By Mariam Mokhtar
News emerged on 16 August, that a defenceless five-year-old was in critical condition and fighting for her life in intensive care at the Raja Permaisuri Bainun Hospital. The girl, who is suspected to have special needs, was allegedly a victim of child abuse.
Neighbours of the girl’s family declined to talk but one alleged that the victim was often caned severely by her mother. Another unsubstantiated source alleged that the victim was a quiet girl but she would often hurt herself by banging her head against the wall.
Three days after she was admitted, the head of the paediatric department Dr Amar Singh said that the child remained unconscious and had not shown any visible movement. When she was first rushed to hospital, she had to be resuscitated.
The girl’s father said that his daughter had been taken ill with high fever but doctors who examined her subsequently found bruising, cane marks and other scars on her head and body. The obvious signs of abuse prompted them to lodge a police report. Although the medical staff were unable to confirm how the wounds had been inflicted, they knew that the injuries were unlikely to be self-inflicted, because of their severity.
Although the doctors suspected possible internal injuries, they said that scans could only be performed once the victim’s condition had improved.
The day after the report was made, the girl’s parents were arrested at their home in Menglembu, and subsequently remanded in custody for five days. The Ipoh OCPD Asst Comm Sum Chang Keong said that the 39-year-old father and his 30-year-old wife were being investigated under Section 325 of the Penal Code for causing grievous hurt.
The Perak Women Development, Family, Community Welfare and National Integration committee chairman Rusnah Kassim said that the victim’s siblings, who were two and seven-years-old, had no signs of abuse and were being cared for by the Welfare Department.
Rusnah urged parents of special needs children to seek help with medical treatment, and support from groups and welfare homes. She warned parents that abuse of the child was not a form of discipline. She also stressed that neighbours could be more pro-active and alert the authorities if they were to notice or hear signs of child abuse.
In early August, Women, Family and Community Development Minister Rohani Abdul Karim claimed that in 2012, there were 3831 cases of child abuse, a rise of 12 per cent over the previous year. She said that in the first three months of this year, 1023 child abuse cases had been reported and that 669 of the victims were girls.
Rohani said that her ministry had various preventive measures to address the issue of abuse. Short-term measures would involve taking the child into a welfare home or the home of a guardian appointed by the court. Long-term measures would involve the various government agencies like the police, health and education ministries, and the social welfare department working in concert with the community.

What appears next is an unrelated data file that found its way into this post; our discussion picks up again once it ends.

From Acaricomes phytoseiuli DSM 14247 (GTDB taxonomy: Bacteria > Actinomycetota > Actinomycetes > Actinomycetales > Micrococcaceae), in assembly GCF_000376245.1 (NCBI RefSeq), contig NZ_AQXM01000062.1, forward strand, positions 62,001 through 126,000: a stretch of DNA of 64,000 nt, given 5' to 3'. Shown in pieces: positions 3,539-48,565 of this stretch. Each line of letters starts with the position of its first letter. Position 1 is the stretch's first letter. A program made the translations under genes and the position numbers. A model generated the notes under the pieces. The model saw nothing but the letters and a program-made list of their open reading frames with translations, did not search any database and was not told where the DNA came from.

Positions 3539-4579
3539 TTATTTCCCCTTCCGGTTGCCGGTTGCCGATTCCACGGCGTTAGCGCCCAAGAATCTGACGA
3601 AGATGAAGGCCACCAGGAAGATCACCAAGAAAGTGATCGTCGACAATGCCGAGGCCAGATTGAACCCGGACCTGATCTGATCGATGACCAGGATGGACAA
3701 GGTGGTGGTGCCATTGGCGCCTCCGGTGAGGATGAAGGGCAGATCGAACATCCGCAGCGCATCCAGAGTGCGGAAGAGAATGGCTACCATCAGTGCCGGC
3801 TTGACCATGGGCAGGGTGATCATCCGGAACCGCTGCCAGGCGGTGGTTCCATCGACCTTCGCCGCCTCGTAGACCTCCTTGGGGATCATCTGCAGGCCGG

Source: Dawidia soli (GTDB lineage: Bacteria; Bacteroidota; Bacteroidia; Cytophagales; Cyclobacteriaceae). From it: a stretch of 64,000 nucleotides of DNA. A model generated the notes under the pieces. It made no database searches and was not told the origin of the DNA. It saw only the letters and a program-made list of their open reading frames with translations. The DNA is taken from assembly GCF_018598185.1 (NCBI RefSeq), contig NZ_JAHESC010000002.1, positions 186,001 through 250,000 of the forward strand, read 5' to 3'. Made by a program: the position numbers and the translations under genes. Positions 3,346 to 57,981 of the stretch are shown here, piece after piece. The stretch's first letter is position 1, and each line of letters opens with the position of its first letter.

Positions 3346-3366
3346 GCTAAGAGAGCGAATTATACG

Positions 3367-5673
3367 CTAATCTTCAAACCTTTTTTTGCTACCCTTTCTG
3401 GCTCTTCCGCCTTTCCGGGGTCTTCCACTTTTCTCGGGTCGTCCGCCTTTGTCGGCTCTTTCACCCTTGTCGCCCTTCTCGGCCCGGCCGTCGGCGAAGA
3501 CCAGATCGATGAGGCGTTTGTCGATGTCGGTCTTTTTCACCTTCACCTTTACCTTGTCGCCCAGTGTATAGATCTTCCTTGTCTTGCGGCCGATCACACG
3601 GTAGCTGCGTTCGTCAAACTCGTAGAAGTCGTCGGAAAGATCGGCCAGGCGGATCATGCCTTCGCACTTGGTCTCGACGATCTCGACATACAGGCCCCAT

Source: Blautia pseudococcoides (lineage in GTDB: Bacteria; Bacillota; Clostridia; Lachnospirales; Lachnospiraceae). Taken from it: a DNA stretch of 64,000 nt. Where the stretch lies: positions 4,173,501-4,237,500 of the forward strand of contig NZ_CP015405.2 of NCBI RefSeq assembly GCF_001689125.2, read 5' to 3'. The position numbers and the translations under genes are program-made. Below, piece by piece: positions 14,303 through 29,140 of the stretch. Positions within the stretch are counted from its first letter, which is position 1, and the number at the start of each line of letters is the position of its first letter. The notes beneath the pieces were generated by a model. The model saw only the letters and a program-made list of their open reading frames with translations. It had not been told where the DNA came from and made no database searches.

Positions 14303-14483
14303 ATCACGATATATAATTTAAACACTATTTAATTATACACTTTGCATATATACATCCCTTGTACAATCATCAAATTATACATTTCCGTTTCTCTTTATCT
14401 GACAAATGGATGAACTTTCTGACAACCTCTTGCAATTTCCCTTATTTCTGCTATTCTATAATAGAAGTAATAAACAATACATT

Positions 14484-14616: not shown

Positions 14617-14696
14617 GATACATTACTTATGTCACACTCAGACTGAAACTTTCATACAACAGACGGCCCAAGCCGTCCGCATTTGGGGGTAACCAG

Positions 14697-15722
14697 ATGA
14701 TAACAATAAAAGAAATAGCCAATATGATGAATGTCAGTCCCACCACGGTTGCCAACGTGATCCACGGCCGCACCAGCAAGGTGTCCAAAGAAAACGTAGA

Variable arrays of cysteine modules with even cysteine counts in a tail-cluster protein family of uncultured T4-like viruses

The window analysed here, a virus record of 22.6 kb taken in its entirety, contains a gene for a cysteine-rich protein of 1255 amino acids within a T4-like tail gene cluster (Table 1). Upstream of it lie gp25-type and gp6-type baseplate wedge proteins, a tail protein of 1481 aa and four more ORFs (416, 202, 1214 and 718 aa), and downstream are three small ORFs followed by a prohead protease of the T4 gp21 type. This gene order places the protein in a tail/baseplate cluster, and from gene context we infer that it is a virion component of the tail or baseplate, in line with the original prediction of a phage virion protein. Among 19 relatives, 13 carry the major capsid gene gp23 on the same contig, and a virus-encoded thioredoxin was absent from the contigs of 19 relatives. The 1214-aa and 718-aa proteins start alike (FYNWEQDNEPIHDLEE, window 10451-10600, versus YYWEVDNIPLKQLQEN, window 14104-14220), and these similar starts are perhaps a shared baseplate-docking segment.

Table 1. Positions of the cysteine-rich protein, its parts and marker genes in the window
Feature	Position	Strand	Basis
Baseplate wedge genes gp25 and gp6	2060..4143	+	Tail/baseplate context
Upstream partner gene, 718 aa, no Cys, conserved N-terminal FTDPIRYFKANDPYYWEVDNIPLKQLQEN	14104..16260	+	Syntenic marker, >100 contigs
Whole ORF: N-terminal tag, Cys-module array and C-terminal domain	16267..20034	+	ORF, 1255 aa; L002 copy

Citing problems such as financial worries or work problems as the root cause of abuse, Rohani warned parents not to take out their frustrations on their children but to seek professional help instead.
No sentence that is passed down to the perpetrators of the abuse will undo the damage that has been inflicted on the children, who will have to bear the mental and physical scars for the rest of their lives.
Whenever a case of child abuse is highlighted in the papers, we hope that the particular case will be the last and that lessons will be learnt from the investigations that were conducted, but there are always more cases.
A child is more likely to be abused by a trusted adult, like a parent or a close family member, rather than by a stranger.
Children who are abused usually show unusual behaviour traits. They are highly distressed. Some may show signs of starvation, emaciation and may scavenge for food in bins. Other signs of abuse in the child, are neglect, manifested in an unkempt or dirty appearance. Sometimes, children are forced to lie to those who enquire about their bruising, with the claim that they sustained the injuries in a fall.
Many children are afraid of telling others about their abuse. Some are ashamed. They may be bullied or bribed into keeping the abuse secret. They are afraid that if they were to tell someone of their abuse, they would be responsible for the family unit being split up. Children may harbour fears of being separated from their parent, despite the parent being an abuser.
Some years ago, the Information Minister suggested more programmes to highlight child abuse. Was any feedback received about the success or failure of these programmes?
It was reported that in 2009, the Welfare Department established 139 centres at state and district levels throughout Malaysia, in which high-risk families and their children could receive counselling and child care services. Are these units successfully providing the necessary psychological and motivational support to the needy?
Many Malaysians wrongly believe that child protection is the job of the government or the NGOs. It is not. The protection of the child is mainly the parents responsibility, and to a certain extent, also the community’s responsibility.
Whilst education and community-based programmes on the prevention of child abuse may have helped create some awareness, many individuals are still reluctant to interfere when they suspect that a child is being abused. Most people are reluctant to be called busybodies.
Perhaps, if neighbours or close family members had intervened, their actions may have helped prevent the tragedy that befell the little girl from Menglembu.
Sadly, as Ipoh Echo goes to print, news came that the little girl has succumbed to her injuries. The case has now become one of murder.